No-till seedbeds must also be prepared by suppressing the existing sod and reducing the surface residue prior to seeding. This can be accomplished by grazing pastures very close in the late fall and early spring. Vegetation can also be suppressed by using a low rate of nonselective herbicide and removing the remaining residue prior to seeding. For more information on seeding methods see No-Till Seeding of Forage Grasses and Legumes, Virginia Cooperative Extension publication 418-007, which is available online at http://pubs.ext.vt.edu/418-007/.
Ensure good soil to seed contact. Seeding methods include drilling, broadcasting and dragging/cultipacking, band-seeding, and cultipack-seeding. The type of seeding method will depend on the equipment available and whether a conventional seedbed or no-till seeding will be used. Regardless of the seeding method, the goal is to achieve good soil-seed contact. Good soil-seed contact ensures that the seed will germinate and emerge in a timely manner.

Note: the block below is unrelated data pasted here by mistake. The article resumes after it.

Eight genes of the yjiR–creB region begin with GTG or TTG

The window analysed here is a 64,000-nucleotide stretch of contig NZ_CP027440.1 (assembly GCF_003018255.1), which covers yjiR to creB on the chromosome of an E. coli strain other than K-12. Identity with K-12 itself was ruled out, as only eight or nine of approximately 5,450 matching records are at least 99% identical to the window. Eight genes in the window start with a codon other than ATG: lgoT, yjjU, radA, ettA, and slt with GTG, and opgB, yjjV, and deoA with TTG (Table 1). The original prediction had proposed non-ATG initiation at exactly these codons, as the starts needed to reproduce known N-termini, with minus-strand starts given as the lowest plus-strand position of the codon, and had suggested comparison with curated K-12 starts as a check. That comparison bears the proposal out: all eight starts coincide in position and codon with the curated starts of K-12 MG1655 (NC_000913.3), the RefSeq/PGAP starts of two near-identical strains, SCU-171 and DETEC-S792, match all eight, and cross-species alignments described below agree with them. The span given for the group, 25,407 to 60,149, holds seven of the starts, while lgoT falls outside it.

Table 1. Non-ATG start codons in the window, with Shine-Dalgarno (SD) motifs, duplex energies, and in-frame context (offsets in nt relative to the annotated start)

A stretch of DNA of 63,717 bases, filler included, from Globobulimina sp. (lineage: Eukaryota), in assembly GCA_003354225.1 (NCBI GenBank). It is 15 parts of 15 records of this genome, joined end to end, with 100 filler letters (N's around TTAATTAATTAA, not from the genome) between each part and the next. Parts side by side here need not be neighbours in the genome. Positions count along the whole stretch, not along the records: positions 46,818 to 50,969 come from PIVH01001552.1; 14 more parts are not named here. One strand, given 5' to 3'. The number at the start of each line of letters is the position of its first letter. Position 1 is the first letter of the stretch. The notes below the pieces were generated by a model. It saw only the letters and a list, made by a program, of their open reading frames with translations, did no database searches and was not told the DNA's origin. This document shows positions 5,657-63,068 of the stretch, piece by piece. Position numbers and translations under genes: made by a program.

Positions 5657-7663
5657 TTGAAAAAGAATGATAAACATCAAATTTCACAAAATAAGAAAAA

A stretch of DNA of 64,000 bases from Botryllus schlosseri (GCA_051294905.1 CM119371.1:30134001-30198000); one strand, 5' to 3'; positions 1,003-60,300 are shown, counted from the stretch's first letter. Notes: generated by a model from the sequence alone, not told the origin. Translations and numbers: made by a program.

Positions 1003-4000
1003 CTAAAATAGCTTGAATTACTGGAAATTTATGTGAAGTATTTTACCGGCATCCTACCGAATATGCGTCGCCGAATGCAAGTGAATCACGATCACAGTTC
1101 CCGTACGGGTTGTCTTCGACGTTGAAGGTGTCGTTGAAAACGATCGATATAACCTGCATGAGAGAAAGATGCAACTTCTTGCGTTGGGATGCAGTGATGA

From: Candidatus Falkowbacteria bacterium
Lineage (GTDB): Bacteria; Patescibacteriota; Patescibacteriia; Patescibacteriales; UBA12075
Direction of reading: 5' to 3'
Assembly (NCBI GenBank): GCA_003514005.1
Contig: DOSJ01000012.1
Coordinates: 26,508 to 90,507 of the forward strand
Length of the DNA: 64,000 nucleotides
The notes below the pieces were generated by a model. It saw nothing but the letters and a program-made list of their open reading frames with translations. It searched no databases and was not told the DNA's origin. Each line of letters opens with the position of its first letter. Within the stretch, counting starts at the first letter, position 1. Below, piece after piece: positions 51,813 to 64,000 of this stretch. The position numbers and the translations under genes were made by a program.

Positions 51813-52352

Seed on the correct date. Cool-season grasses normally are established in either early spring or late summer. Spring seedings usually have good moisture, but increased weed pressure. A general rule is that earlyspring plantings should be made four weeks before the last average killing frost in the spring. Late-summer seedings are at more risk of failure due to a lack of moisture, but generally have fewer weed problems. If summer annual weeds, such as crabgrass (Digitiaria species), are a problem, late-summer seedings are desirable since summer annual weeds are not actively growing during the fall. It is critical to allow the seedlings time to reach adequate size before winter; therefore, late-summer plantings should be made at least four to six weeks before the first average killing frost in the fall. Plantings of warm-season grasses should be made in late spring or early summer after the soil has reached a temperature of 65°F at a four-inch depth. This usually occurs when nighttime temperatures remain above 60°F.